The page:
A conversation with...
Deanne Weir, Former Group Director, Corporate Development, AUSTAR
As the industry embarks on the transition resulting from the FOXTEL-AUSTAR merger, ASTRA talks with Deanne Weir about past innovations and hopes for the future national subscription TV company FOXTEL.
Deanne joined AUSTAR in 2002 and was responsible for Corporate and Product Strategy, Programming, Corporate Affairs, Growth Initiatives, and Legal Affairs, including acting as General Counsel and Company Secretary. Deanne announced her departure from AUSTAR in April saying “the timing is right to explore new avenues.” Deanne was a member of the ASTRA Board (link to Board page) and her departure is just one of the changes for the Board which welcomed new members in June. Here Deanne reflects on her time at AUSTAR and AUSTAR’s impact on the industry.
Watch: The AUSTAR Way
you reflect on the evolution of AUSTAR, what were some of the early milestones
and more recent catalysts that led to the merger?
AUSTAR began life in the mid 90's and rode the wave of the dotcom boom, only to have to recut its business dramatically in light of the dotcom crash. The challenges of 2001 and 2002 were a true reality check, that if you wanted to be a business dedicated to servicing regional Australia, you needed to accept some of the realities that go with the vast geography and lack of scale in that market. This led us to focus on simplifying our business and building very strong industry partnerships with our channel providers, our installers, and of course FOXTEL. The AUSTAR - FOXTEL merger is really the next logical step in that progression, one that will create a great media company and deliver lots of advantages to consumers.
AUSTAR was a pioneer for many of the technologies which have contributed to industry innovation, can you tell us about those that have had the most impact?
We were the first to deliver digital satellite television services, so as early as 2001 we were delivering interactive services such as a local weather service, interactive banking, T-mail, sports information, news and games. The re-launch of our digital service in 2004 saw us partner with FOXTEL to take many such services to their next level. Perhaps the most impactful of our technological developments was the MyStar, which was a world first personal digital recorder that incorporated digital free-to-air tuners with the satellite tuners. This was critical for regional audiences, as there was no practical way that the various local free-to-air signals could all go up on the satellite. The MyStar meant that regional customers could have the best of both the subscription and the FTA worlds, and that they could apply all of the MyStar functionality to their FTA channels. Customers don't really care about the difference between FTA and subscription channels, it is all TV to them, so giving them the MyStar convenience across all of their favourite channels was critical.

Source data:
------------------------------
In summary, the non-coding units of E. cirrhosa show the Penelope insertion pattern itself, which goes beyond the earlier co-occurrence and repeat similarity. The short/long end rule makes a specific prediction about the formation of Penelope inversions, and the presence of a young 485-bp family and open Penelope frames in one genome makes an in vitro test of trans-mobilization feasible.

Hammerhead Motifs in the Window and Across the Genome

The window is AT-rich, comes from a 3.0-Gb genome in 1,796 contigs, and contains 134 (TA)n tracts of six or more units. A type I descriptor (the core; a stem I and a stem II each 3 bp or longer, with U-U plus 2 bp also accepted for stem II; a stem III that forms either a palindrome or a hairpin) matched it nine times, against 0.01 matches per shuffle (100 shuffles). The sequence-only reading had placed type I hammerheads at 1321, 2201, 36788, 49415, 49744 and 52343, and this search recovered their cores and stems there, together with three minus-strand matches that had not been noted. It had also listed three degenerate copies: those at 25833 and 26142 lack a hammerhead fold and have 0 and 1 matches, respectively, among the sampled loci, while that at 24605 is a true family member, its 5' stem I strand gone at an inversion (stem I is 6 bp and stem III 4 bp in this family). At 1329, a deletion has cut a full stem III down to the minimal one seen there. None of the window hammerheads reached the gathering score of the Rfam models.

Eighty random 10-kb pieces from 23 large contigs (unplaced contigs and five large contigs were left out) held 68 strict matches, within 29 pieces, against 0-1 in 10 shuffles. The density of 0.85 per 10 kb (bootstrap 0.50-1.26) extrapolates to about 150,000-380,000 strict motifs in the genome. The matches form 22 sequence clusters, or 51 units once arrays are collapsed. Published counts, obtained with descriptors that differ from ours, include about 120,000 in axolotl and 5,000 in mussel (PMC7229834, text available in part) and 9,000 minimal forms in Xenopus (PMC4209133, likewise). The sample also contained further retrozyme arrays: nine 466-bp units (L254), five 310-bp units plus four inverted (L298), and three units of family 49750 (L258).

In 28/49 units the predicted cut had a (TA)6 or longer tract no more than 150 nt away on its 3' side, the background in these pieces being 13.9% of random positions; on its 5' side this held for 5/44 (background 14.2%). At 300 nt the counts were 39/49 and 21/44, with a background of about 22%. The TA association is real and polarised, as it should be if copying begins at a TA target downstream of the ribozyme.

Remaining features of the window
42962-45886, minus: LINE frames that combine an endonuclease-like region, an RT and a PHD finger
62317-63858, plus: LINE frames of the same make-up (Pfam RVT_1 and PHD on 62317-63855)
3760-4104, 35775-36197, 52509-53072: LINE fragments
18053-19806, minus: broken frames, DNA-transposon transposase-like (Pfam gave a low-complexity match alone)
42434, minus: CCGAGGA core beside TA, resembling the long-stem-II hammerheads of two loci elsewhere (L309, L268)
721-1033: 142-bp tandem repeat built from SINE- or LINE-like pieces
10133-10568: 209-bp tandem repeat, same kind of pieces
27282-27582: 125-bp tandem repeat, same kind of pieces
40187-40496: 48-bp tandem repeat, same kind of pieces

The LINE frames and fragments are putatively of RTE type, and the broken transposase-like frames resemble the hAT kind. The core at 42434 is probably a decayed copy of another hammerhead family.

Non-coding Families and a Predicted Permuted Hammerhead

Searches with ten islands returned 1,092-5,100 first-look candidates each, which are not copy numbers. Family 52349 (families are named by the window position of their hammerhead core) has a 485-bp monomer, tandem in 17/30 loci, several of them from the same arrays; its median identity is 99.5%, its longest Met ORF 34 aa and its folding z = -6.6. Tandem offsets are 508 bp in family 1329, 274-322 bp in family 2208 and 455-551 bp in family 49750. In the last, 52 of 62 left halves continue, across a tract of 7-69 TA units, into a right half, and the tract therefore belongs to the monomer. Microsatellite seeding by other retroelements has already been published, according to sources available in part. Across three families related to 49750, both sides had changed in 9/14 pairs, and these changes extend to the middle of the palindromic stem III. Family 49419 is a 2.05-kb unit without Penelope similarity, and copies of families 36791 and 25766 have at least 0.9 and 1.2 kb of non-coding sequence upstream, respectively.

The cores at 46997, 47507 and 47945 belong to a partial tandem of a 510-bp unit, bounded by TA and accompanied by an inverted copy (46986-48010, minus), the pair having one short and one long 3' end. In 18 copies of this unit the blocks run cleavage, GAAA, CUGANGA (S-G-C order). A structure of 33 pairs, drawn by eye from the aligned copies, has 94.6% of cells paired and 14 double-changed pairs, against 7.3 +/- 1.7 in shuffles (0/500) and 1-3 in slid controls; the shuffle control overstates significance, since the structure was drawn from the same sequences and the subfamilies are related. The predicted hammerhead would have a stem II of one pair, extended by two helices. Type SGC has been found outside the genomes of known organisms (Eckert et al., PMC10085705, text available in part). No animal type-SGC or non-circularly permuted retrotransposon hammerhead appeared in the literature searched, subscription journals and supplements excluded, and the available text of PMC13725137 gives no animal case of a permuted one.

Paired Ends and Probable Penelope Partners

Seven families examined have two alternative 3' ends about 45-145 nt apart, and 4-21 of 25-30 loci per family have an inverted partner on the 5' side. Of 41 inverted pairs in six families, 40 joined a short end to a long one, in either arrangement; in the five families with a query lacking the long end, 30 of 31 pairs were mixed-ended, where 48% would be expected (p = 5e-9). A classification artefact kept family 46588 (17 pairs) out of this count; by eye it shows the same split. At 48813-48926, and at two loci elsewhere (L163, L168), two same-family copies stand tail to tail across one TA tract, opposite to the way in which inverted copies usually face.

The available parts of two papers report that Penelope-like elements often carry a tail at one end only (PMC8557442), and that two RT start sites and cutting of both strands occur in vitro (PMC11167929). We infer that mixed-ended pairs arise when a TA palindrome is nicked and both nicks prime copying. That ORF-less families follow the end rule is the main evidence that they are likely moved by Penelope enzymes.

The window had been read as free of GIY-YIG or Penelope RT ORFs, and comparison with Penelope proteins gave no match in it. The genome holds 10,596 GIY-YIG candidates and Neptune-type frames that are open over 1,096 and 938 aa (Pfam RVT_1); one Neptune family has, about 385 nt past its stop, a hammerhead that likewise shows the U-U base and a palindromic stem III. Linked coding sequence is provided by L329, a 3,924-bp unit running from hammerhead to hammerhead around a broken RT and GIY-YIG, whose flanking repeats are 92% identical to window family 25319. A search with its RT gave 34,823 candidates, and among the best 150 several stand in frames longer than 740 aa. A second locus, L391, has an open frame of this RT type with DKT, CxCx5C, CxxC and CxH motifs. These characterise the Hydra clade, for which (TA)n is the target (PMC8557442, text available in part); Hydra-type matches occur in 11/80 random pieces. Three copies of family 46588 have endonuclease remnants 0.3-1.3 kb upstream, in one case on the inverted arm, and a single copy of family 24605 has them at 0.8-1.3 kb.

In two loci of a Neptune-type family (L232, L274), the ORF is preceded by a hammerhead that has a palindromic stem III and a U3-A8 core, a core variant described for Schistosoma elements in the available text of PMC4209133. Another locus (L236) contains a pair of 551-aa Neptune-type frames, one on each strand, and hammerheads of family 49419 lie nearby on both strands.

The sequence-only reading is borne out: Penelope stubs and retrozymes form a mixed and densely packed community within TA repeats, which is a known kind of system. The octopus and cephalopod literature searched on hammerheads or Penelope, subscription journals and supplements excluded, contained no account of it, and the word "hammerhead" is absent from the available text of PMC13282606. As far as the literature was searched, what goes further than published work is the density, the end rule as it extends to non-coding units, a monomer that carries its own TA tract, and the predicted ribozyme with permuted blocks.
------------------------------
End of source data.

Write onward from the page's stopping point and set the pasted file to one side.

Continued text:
How would you sum up “the AUSTAR way?”
Many companies try and sum up their culture in a shorthand way, I think 'the AUSTAR Way' is one of the most successful examples of this. Our vision was to be the favourite provider of entertainment and communications for regional Australians, and the message of the AUSTAR way was that regardless of their role in the company, any person could contribute to achieving that vision in a meaningful way if their behaviour reflected our culture. It was all about giving our staff a roadmap to create lasting relationships with customers and other staff, so that we would be able to say 'AUSTAR gets it right.'
We do what we say: We look for ways to improve: We
take responsibility as if it were our own business: We challenge and respect
each other: We act as one voice
Do you have any advice to offer FOXTEL teams as they move to absorb regional customers?
I have no doubt that everyone at the new FOXTEL, whether they are from FOXTEL or AUSTAR, will be embracing the opportunity that a national platform delivers to provide even better services to all subscribers. Regional customers have a great deal in common with their metropolitan cousins, but they also want their interests and challenges considered. Despite not having regional offices for many years, AUSTAR was able to achieve a real connection with many of its communities through programs such as AUSTAR for Schools, and through extensive work with regional radio stations and local newspapers, and I think it will be very important to keep up that kind of community contact.
Over your ten year tenure, what would you say was your biggest moment at AUSTAR?
I really don't think that I could pick just one, I have so many fantastic memories of so many great people. From a customer perspective, launching the MyStar was a great day, as was the re-launch of AUSTAR Digital in 2004, customers absolutely loved it; but my personal favourite was the launch of showcase. From a strategic perspective, there are 3 deals that stick out, our 2002 deal with FOXTEL and Optus which allowed us to recalibrate our business, then the sale of our spectrum licences to NBN Co. for $120m, and finally of course, the sale to FOXTEL.
Can you share your plans for the immediate future?
An exciting new life awaits! In addition to watching lots of FOXTEL, I am going to focus on a number of board roles in media related businesses, including Ai-Media, Screen Australia and Girlosophy.
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